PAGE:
Continuation from HERE of my GRTR of BLACK STATIC #36.

This is in the comment stream below….

3 responses to “*

  1. Namesake – V.H. Leslie
    “…it was about finally being shot of her name.”
    A story with an engaging plain style about a Plain Jane who is known throughout by the initial J that makes me strobe between her being her and I as I enter her world of her Internet dating, and a dancing club’s spiral staircase and a rope ladder coiled up in the supposedly empty “attic space” and those who inhabit the Internet, the crossing of names with nicknames, double-barrelled named marriages, Rapunzel, and Hitchcockian birds from the air now enclosed, birds from an air that literally and literarily becomes Jane’s Eyre. Or Eyrie. A plain style that packs a truly effective and arguably complex horror punch. Eerie as well as visceral. And messages for all us ‘puddle-jumpers’ in modern life.
    With telling echoes of Leslie’s own Cloud Cartographer story.

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    The Festering – Ray Cluley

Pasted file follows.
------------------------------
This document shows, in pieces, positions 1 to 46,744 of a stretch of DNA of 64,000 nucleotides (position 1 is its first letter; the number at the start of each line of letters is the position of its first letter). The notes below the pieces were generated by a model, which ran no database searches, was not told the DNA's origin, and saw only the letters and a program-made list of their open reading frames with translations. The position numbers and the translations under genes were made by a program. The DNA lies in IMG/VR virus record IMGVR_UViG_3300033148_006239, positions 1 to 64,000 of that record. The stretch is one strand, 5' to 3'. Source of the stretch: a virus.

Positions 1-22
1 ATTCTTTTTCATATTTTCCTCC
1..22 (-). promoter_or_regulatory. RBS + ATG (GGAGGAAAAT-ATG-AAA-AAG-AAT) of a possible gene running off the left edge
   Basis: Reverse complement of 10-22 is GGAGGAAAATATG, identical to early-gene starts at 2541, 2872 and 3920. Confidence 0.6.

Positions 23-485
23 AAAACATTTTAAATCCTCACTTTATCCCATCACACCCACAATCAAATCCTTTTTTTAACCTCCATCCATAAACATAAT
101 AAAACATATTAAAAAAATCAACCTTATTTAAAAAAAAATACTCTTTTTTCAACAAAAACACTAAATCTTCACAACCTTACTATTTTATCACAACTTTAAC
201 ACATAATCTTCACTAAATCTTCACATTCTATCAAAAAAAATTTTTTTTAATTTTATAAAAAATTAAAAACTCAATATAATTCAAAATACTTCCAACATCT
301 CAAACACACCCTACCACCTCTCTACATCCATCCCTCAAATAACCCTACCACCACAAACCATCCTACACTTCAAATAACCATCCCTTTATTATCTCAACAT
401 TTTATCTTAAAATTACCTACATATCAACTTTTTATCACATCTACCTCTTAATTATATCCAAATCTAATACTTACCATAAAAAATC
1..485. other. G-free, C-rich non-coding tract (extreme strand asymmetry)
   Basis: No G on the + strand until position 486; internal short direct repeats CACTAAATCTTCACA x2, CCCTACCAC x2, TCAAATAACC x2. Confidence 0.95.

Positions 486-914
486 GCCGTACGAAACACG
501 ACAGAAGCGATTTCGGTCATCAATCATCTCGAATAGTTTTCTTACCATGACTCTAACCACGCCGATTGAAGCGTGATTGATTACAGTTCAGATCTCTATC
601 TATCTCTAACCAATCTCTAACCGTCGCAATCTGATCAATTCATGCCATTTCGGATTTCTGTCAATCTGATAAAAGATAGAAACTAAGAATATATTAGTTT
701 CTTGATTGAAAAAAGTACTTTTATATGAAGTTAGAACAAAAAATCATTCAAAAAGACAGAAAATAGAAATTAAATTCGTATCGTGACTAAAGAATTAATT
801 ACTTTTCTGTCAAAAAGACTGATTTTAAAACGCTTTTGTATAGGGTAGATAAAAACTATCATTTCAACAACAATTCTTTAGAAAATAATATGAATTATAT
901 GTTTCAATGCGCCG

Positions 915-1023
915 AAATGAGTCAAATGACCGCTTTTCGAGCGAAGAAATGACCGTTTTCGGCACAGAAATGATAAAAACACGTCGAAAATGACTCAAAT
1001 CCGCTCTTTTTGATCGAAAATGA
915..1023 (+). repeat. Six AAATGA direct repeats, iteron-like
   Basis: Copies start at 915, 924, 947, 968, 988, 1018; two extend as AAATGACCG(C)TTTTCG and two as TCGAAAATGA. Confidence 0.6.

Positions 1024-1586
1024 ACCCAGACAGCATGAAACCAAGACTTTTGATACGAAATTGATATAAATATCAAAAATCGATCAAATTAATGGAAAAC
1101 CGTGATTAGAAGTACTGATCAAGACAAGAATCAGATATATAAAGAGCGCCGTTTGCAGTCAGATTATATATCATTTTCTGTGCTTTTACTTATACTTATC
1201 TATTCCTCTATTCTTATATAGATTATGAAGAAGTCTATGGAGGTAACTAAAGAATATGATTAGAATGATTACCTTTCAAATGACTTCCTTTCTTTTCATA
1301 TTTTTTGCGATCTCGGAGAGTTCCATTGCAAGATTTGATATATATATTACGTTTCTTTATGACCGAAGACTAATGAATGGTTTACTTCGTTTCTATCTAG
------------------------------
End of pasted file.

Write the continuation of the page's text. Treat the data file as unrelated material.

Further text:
“A cowl or a caul or something. All shiny with blood.”
    …thus from Mr Rochester in the previous story to a female version here of David Copperfield. A modern, puddle-jumping version.
    This Cluley also has a plain style that conveys a very powerful story, one that may shock some readers. It is as if the story itself speaks words into the drawer of your brain, just as the schoolgirl in the Cluley speaks words into her own drawer or ‘attic space’ equivalent. And if you see what these words actually create in her drawer, you may wish to give your own next nightmare a miss!
    This story conveys a type of culture that grew up amongst us unnoticed, a pitiful society of turned eyes and crude physical and mercenary desires that grow and grow: the bloody pustular veil that grew over our own faces. And much more. The pilotless plane that plans its own prehensile, mock team-building ferality. The tontine where the unluckiest winner reaps the spiritual deficit when the rest of us are dead. That Attar Attack of concertina repercussions that we all take on like a burden, leaving the next one to bear this burden, till there is only one of us left. Coming full circle from the beginning of this review, here we have a Ligottian Anti-Natalism in essence, one that now subsumes Corporatism as well as subsuming all us puppets and papier-mache masks steeped in the actual mess of spawning, all now shown by this Cluley vision. Till we fire the righteous bullet, the only just murder.


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